estimated that over 1.4 million drivers were arrested for driving under the influence of alcohol or narcotics. This is an arrest rate of 1 for every 139 licensed
drivers in the United States. (2005 data not yet available.)

In 2005, 21 percent of the children age 14 and younger who were killed in motor
vehicle crashes were killed in alcohol-related crashes.

In 2005, a total of 414 (21%) of the fatalities among children age 14 and younger
occurred in crashes involving alcohol. Of those 414 fatalities, more than half (224)
of those killed were passengers in vehicles with drivers with BAC levels of .01 or higher.

Another 48 children age 14 and younger who were killed in traffic crashes in 2005
were pedestrians or pedalcyclists who were struck by drivers with BAC .01 or higher.

The rate of alcohol involvement in fatal crashes is more than 3 times higher
at night as during the day. For all crashes, the alcohol involvement rate is 5 times higher at night.

The highest percentage of drivers in fatal crashes who had BAC levels of .08 or
higher was for drivers ages 21 to 24 followed by the 25 to 34 age group.

click for stats and charts of fatalities since the 90's to 2005:

One Of The Best Lawyers At My Law Firm Has Been Acting Up?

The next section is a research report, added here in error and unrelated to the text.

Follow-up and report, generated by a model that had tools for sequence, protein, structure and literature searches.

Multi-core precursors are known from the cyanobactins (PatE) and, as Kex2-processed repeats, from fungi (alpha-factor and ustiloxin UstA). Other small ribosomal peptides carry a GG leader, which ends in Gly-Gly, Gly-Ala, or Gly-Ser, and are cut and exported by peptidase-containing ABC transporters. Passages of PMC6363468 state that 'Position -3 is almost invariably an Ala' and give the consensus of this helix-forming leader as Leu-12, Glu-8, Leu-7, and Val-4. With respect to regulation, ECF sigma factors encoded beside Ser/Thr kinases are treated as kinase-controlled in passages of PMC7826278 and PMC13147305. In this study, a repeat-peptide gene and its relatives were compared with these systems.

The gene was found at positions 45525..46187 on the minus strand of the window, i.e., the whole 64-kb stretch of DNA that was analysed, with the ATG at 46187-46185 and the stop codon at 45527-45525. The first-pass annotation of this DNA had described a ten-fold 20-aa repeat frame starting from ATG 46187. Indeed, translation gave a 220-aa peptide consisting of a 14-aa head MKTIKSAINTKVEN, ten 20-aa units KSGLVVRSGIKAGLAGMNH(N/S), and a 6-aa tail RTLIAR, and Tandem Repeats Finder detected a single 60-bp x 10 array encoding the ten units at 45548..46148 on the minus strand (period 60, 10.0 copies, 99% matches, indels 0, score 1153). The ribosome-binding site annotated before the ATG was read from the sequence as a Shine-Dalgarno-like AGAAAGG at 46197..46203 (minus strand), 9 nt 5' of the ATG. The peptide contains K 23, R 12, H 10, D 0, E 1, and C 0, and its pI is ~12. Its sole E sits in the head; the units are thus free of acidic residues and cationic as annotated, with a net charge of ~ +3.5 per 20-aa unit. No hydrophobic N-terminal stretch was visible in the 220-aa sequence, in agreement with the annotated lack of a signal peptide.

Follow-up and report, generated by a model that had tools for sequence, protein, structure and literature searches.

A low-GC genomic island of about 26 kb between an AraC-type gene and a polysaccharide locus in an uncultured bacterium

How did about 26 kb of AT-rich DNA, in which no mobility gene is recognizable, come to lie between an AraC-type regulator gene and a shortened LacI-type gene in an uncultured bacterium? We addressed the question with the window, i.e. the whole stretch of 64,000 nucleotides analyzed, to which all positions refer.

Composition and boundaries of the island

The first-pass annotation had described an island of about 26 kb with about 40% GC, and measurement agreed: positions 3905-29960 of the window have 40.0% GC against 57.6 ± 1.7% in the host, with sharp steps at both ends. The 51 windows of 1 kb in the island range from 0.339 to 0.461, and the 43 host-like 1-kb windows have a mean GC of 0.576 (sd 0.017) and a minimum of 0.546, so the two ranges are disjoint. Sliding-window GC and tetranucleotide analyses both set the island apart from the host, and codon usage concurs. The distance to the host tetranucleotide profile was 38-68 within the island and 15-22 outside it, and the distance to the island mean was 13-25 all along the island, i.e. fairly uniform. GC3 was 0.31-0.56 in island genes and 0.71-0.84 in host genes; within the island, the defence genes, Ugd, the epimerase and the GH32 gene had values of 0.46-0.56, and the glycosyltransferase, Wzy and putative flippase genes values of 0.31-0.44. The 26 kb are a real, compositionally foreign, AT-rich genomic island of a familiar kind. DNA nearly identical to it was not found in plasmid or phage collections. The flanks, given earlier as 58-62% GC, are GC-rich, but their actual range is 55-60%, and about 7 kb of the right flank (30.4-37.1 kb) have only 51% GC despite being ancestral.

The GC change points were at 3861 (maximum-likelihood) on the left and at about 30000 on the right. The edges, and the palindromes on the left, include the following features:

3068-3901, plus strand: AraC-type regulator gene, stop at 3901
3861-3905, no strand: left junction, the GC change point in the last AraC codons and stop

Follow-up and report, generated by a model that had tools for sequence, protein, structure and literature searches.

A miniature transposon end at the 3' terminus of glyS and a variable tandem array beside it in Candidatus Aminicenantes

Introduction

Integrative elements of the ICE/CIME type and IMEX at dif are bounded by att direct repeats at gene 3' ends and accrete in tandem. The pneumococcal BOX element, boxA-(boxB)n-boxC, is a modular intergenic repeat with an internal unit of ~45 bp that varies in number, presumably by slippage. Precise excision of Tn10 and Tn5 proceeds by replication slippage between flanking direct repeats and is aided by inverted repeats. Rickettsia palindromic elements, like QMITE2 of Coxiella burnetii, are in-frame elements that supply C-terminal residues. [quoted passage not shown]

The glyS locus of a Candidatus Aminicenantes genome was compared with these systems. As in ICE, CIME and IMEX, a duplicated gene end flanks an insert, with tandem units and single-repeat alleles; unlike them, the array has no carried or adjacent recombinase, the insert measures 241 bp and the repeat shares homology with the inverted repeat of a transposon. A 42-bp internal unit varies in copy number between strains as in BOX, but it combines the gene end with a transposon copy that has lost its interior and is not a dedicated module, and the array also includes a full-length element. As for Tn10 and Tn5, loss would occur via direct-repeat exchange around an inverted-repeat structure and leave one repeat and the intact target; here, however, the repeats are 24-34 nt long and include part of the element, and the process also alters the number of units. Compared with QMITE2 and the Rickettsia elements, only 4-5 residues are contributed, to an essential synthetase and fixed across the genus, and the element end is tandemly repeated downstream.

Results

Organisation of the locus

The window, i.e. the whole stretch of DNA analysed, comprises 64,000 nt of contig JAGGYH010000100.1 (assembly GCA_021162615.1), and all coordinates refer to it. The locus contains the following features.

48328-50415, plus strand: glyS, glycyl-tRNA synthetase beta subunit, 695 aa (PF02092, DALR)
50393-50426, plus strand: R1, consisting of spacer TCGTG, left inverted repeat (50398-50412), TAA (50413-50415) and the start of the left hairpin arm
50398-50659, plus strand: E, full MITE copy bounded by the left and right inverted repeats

I'Ve Been In The Law Business For About 20 Years, And I'Ve Known This Guy Since I Was A Child. We Started Our Law Firm Together Back In 97, It'S Been A Great Many Years Working With Him. He'S The Star Of Our Firm, He Has A 87 Percent Win Rate, And Always Brings In Customers And Money To Our Business. But Ever Since He Reached His 40Th Birthday, He'S Been Acting Very Strange. He'S Been Showing Up To Work Late, Sometimes Drunk Or High. He Messed Up A Major Case I Assigned Him Too, And As A Result We Lost A Great Sum Of Money. He'S Been Cheating On His Wife Of 10 Years With A College Student. Yesterday I Called Him To Ask Him Where He Was And If He Was Okay. He Said He Thought He Might Be Sick. When If He Had The Flu, He Said &Quot;No, I Think I Have Bieber Fever.&Quot; Then He Hung Up! Should I Fire Him, Or Get Him Help? The Guy'S Been My Best Friend For 40 Years, I Don'T Know What To Do, Help Me! Please!